Hundreds of additional passengers who left the MS Roald Amundsen are now found, after four crew members tested positive for Covid-19 – initially without having symptoms.
The Norwegian 535-passenger vessel is currently moored off Tromso, having had to stop sailing to the remote islands of Svalbard.
Hurtigruten headquarters said the ship was isolated with 160 crew on board.
The company is helping Norwegian health authorities contact 177 passengers on the cruise ending Friday, and 209 other guests on a cruise ending July 24.
All crossings will be canceled by September, the line added.
It will be a blow to the company, whose brand new “state-of-the-art” eco-conscious vessel is less than a year old and was only recently cleared to return to service.
It transported tourists to the remote archipelago between mainland Norway and the North Pole famous for its polar bears, as the country eased restrictions on domestic travel.
Roald Amundsen’s packages start at almost £ 3,500 to over £ 7,000 for longer 19-day crossings that include options for expeditions to the Arctic, Antarctica, South and Central America.
The luxury ship’s exterior upper decks have a stunning infinity pool and hot tubs, and it has three Nordic-themed restaurants on board.
Passengers can take yoga classes on their scenic trips.
Cabins are decorated in a classic Scandinavian aesthetic and most include outdoor balconies and private hot tubs.
It has an outdoor observation deck for tourists to view wildlife, such as polar bears and walruses on the icy shores of Svalbard, as well as whales and penguins in Antarctica.
Its two polar cruise options include stops in Antarctica, Patagonia and the Chilean Fjords and Falklands.
The ship also organizes excursions to Costa Rica, Ecuador, Panama, and the Pacific coast of Central America, which include sightings of monkeys, turtles, dolphins, and sloths.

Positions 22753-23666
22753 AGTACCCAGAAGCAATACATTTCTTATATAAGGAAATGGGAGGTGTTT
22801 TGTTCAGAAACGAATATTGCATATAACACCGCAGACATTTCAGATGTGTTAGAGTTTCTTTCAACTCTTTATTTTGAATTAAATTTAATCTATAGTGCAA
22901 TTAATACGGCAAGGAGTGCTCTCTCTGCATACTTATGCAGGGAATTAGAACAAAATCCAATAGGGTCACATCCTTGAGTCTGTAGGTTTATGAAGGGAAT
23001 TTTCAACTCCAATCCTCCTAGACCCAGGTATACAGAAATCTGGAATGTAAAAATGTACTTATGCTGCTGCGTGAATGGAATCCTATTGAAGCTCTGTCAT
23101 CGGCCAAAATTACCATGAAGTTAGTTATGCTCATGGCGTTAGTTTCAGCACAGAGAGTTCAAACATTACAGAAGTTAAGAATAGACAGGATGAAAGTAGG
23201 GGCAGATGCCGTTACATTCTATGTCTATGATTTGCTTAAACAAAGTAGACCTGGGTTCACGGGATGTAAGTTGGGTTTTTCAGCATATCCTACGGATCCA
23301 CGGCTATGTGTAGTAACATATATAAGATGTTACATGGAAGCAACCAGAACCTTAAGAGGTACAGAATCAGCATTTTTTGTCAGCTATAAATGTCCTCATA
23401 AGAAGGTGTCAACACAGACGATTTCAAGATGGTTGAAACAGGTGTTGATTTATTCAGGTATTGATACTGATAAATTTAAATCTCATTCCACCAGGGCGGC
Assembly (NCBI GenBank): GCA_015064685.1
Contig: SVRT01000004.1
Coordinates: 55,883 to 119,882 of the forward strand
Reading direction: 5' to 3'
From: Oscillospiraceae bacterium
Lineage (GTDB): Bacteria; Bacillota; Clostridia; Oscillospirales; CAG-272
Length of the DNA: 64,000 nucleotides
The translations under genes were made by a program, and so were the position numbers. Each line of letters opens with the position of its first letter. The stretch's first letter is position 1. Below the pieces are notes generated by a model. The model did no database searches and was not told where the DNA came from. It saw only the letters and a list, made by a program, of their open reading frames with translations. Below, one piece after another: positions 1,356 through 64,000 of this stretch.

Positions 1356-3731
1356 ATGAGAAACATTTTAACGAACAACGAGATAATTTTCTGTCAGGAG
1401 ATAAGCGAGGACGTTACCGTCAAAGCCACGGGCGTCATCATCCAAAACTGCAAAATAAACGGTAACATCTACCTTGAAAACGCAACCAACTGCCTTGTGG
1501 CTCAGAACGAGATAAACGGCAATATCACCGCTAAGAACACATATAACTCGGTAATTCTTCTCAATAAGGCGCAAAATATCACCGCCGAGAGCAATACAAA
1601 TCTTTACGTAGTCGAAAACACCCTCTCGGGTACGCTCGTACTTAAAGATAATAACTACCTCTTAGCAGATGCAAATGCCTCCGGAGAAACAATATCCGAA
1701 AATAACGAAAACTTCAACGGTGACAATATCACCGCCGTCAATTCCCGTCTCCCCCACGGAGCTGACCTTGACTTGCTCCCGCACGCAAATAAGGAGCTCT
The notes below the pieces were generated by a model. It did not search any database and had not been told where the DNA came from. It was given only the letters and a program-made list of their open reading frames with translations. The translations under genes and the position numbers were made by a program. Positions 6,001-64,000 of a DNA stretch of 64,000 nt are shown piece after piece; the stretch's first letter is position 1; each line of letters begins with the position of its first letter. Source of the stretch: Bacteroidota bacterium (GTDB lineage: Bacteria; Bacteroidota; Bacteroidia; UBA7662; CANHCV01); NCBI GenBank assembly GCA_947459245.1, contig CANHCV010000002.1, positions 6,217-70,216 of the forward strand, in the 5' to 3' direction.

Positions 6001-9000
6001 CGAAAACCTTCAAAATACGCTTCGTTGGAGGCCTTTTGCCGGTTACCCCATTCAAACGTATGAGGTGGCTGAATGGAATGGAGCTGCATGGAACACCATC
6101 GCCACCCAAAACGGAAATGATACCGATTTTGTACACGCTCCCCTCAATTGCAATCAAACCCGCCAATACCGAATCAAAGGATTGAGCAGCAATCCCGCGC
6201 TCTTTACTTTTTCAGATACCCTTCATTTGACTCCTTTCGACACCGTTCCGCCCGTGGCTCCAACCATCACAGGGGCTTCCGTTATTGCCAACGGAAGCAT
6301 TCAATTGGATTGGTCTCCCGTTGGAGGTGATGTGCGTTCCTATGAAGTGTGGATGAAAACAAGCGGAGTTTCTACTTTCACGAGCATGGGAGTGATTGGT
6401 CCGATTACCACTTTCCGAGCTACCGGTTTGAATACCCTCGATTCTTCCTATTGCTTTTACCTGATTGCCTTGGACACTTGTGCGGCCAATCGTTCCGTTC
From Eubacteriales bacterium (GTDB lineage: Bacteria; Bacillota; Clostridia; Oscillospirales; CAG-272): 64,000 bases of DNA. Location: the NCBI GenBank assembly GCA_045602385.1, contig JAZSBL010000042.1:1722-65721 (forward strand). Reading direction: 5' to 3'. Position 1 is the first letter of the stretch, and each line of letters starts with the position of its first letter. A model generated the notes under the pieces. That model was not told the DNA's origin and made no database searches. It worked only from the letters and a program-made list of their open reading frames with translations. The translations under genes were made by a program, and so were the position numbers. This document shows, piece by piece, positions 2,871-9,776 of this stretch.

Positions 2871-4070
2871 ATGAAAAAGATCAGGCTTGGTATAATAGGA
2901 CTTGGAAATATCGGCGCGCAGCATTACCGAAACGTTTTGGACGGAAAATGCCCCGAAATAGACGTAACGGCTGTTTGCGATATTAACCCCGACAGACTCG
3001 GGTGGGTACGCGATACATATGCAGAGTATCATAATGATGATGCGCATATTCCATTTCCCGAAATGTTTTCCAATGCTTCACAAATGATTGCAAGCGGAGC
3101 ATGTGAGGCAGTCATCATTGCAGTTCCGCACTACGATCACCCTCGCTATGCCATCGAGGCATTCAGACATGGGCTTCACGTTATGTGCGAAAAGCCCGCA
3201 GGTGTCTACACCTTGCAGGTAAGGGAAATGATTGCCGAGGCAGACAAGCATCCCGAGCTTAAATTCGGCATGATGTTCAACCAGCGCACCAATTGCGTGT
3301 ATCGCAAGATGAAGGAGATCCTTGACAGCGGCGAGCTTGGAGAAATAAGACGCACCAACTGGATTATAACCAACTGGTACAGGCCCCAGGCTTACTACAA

It also has an interactive science center on board so visitors can learn about the environment, wildlife and polar waters.
The latest outbreak is one of the first after cruise ships around the world found themselves in stranded floating prisons with hundreds stranded on board at the start of the pandemic.
Passengers have died on some ships, as passengers and crew found themselves stranded on their journeys as the crisis began to wipe out flights and fuel the chaos of international travel.
The crisis led countries, including the United States, to declare cruises banned from citizens at the start of the crisis, as liners were deemed particularly vulnerable to the spread of the virus.
The pandemic has threatened cruise operators around the world, with some lines already forced to shut down as the crisis continues to devastate the travel industry.
A statement from Hurtigruten said: “The four crew members were isolated several days ago due to other symptoms of the disease, without any symptoms of Covid-19. They were still being tested regularly when the ship docked in Tromso on Friday morning.
“The four crew members are now admitted to the University Hospital of North Norway (UNN).
“The ship is isolated and the 160 crew on board will be tested. Hurtigruten and Norwegian health authorities are in the process of contacting the 177 passengers on the cruise ending July 31 and the 209 passengers on the cruise ending July 24.
“The safety of our guests and crew is Hurtigruten’s top priority. We work closely with the Norwegian Institute of Public Health (FHI), the Municipality of Tromsø, UNN and other resources both at local and national level ”, added Rune Thomas Ege, vice president of global communications by Hurtigruten. .
“Hurtigruten has put strict hygiene measures in place on all ships during the coronavirus pandemic.
“All crew members are closely watched and examined daily. As a precaution, the crew members in question were isolated early, and the cases discovered, even without showing any symptoms of Covid-19.
“The ship was due to go to Svalbard on Friday afternoon. This trip is now canceled. The next cruise with the ship is not scheduled until September.
“We will be contacting all passengers who were on board on previous trips to give them information and advise them of the authorities,” Ege added.